“New Mainers are particularly likely to work in grocery stores and care homes, restaurant kitchens and hotels — many of the industries which are currently struggling to find workers,” said James Myall, an economic policy analyst at the Maine Center for Economic Policy. “At the same time, health concerns are the leading reason many Mainers either aren’t working at all, or not working as many hours as they might like. Ensuring that new arrivals have access to healthcare makes it more likely that they will be able to contribute fully to our economy in the future.”
Myall also said that the pandemic has made it more clear than ever how our collective safety and economic recovery are tied to each person’s ability to get to the doctor or fill a prescription.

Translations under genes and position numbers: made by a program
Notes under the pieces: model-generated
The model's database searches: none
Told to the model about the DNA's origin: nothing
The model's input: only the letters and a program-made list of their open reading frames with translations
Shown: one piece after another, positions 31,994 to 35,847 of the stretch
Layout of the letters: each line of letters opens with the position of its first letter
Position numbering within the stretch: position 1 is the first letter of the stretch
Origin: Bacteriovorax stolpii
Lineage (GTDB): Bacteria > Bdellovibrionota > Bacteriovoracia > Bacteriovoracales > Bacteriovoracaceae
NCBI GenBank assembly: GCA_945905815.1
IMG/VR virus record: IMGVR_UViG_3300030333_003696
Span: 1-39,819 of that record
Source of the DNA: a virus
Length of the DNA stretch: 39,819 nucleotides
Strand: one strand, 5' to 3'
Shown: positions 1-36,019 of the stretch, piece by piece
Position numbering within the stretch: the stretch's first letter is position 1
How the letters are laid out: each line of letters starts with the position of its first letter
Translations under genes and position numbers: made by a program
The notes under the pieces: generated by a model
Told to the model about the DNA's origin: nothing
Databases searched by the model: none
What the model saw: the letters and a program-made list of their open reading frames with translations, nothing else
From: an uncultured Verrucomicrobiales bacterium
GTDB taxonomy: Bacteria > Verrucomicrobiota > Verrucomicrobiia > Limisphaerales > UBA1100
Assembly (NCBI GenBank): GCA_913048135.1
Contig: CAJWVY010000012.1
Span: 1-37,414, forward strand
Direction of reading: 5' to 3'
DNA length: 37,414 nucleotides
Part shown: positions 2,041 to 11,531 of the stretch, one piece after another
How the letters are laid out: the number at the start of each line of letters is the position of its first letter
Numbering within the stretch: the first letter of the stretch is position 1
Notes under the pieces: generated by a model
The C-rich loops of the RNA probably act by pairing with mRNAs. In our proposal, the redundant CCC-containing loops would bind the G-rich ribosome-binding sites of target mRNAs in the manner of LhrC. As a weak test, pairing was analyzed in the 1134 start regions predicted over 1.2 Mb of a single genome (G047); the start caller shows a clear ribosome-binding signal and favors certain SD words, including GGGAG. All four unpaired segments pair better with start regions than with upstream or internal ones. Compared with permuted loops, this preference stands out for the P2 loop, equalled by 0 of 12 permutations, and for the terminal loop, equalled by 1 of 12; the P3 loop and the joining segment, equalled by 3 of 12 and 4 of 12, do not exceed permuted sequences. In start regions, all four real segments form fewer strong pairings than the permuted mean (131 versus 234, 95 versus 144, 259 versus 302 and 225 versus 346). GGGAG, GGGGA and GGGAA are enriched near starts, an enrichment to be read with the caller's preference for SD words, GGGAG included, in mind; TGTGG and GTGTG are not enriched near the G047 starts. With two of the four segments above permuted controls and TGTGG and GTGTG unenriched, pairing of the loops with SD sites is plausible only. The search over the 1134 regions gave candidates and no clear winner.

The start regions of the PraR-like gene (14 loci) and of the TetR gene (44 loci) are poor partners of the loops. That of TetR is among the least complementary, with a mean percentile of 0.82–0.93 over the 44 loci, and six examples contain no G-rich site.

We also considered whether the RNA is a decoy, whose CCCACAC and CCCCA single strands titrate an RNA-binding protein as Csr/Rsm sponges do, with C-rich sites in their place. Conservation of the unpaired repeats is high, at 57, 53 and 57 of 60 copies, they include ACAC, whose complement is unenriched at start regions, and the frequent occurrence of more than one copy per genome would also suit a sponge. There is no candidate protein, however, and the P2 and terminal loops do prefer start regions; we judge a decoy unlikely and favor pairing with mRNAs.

“We know that COVID-19 spread particularly quickly among low-income Americans, often people of color, because they were more likely to work in close-contact service jobs, and because they often had underlying health conditions that were untreated,” he said. “And especially in the first year of the pandemic, Black, Latino, and Indigenous people had some of the highest mortality rates from the virus, for similar reasons.”